Hume Texts Online

PART III.

D 3.1, KS 152

How the most absurd argument, replied Cleanthes, in the hands of a man of ingenuity and invention, may acquire an air of probability! Are you not aware, Philo, that it became necessary for Copernicus and his first disciples to prove the similarity of the terrestrial and celestial matter; because several philosophers, blinded by old systems, and supported by some sensible appearances, had denied this similarity? But that it is by no means necessary, that Theists should prove the similarity of the works of Nature to those of Art; because this similarity is self-evident and undeniable? The same matter, a like form: what more is requisite to show an analogy between their causes, and to ascertain the origin of all things from a divine purpose and intention? Your objections, I must freely tell you, are no better than the abstruse cavils of those philosophers, who denied motion; and ought to be refuted in the same manner, by illustrations, examples, and instances, rather than by serious argument and philosophy.

D 3.2, KS 152

Suppose, therefore, that an articulate voice were heard in the clouds, much louder and more melodious than any which human art could ever reach: Suppose, that this voice were extended in the same instant over all nations, and spoke to each nation in its own language and dialect: Suppose, that the words delivered not only contain a just sense and meaning, but convey some instruction altogether worthy of a benevolent being, superior to mankind: could you possibly hesitate a moment concerning the cause of this voice? and must you not instantly ascribe it to some design or purpose? Yet I cannot see but all the same objections (if they merit that appellation) which lie against the system of Theism, may also be produced against this inference.

D 3.3, KS 152-3

Might you not say, that all conclusions concerning fact were founded on experience: that when we hear an articulate voice in the dark, and thence infer a man, it is only the |resemblance of the effects, which leads us to conclude that there is a like resemblance in the cause: but that this extraordinary voice, by its loudness, extent, and flexibility to all languages, bears so little analogy to any human voice, that we have no reason to suppose any analogy in their causes: and consequently, that a rational, wise, coherent speech proceeded, you knew not whence, from some accidental whistling of the winds, not from any divine reason or intelligence? You see clearly your own objections in these cavils; and I hope too, you see clearly, that they cannot possibly have more force in the one case than in the other.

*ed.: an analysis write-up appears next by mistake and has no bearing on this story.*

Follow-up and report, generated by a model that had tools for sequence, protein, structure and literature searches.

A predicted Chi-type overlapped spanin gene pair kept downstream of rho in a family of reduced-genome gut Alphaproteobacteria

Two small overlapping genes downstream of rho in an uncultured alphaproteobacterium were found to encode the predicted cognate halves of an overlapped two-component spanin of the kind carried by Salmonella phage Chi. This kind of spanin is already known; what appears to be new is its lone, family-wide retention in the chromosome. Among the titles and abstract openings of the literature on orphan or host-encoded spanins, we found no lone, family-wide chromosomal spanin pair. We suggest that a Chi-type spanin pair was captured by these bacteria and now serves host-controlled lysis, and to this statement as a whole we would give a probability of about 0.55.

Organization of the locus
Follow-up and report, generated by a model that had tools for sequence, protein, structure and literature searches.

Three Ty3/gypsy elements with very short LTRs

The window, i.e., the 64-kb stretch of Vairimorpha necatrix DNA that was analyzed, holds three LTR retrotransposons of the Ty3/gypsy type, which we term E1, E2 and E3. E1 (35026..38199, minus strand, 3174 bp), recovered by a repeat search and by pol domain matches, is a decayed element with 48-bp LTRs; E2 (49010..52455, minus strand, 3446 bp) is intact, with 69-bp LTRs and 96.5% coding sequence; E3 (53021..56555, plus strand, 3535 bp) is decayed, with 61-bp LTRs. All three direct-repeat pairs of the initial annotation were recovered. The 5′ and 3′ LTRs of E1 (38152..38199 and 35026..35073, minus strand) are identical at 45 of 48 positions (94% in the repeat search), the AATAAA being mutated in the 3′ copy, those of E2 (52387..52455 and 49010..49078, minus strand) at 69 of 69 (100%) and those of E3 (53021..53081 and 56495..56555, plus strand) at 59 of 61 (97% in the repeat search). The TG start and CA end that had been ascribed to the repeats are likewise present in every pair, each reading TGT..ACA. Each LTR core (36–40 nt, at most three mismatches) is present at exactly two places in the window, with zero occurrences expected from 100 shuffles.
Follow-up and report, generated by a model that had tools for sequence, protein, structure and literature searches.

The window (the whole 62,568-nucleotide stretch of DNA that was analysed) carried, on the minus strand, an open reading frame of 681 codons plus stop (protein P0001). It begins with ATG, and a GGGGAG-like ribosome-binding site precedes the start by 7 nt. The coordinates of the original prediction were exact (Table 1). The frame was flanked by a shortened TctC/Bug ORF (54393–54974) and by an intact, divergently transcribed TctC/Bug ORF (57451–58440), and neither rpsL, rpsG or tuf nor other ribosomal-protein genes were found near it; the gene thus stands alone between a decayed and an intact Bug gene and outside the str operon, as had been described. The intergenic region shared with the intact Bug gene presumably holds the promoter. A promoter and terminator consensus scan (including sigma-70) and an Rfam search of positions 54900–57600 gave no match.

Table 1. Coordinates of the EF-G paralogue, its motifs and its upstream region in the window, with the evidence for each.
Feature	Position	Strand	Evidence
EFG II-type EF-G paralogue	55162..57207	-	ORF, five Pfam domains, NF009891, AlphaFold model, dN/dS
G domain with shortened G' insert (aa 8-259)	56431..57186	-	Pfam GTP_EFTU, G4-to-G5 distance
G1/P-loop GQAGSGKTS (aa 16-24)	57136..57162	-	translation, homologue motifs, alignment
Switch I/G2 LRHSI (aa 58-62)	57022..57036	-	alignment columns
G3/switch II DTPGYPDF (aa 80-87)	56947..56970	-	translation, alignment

D 3.4, KS 153

But to bring the case still nearer the present one of the universe, I shall make two suppositions, which imply not any absurdity or impossibility. Suppose, that there is a natural, universal, invariable language, common to every individual of human race, and that books are natural productions, which perpetuate themselves in the same manner with animals and vegetables, by descent and propagation. Several expressions of our passions contain a universal language: all brute animals have a natural speech, which, however limited, is very intelligible to their own species. And as there are infinitely fewer parts and less contrivance in the finest composition of eloquence, than in the coarsest organized body, the propagation of an Iliad or Æneid is an easier supposition than that of any plant or animal.

D 3.5, KS 153

Suppose, therefore, that you enter into your library, thus peopled by natural volumes, containing the most refined reason and most exquisite beauty: could you possibly open one of them, and doubt, that its original cause bore the strongest analogy to mind and intelligence? When it reasons and discourses; when it expostulates, argues, and enforces its views and topics; when it applies sometimes to the pure intellect, sometimes to the affections; when it collects, disposes, and adorns every consideration suited to the subject: could you persist in asserting, that all this, at the bottom, had really no meaning, and that the first formation of this volume in the loins of its original parent proceeded not from thought and design? Your obstinacy, I know, reaches not that degree of firmness: even your sceptical play and wantonness would be abashed at so glaring an absurdity.

D 3.6, KS 154

But if there be any difference, Philo, between this supposed case and the real one of the universe, it is all to the advantage of the latter. The anatomy of an animal affords many stronger instances of design than the perusal of Livy or Tacitus: and any objection which you start in the former case, by carrying me back to so unusual and extraordinary a scene as the first formation of worlds, the same objection has place on the supposition of our vegetating library. Chuse, then, your party, Philo, without ambiguity or evasion: assert either that a rational volume is no proof of a rational cause, or admit of a similar cause to all the works of nature.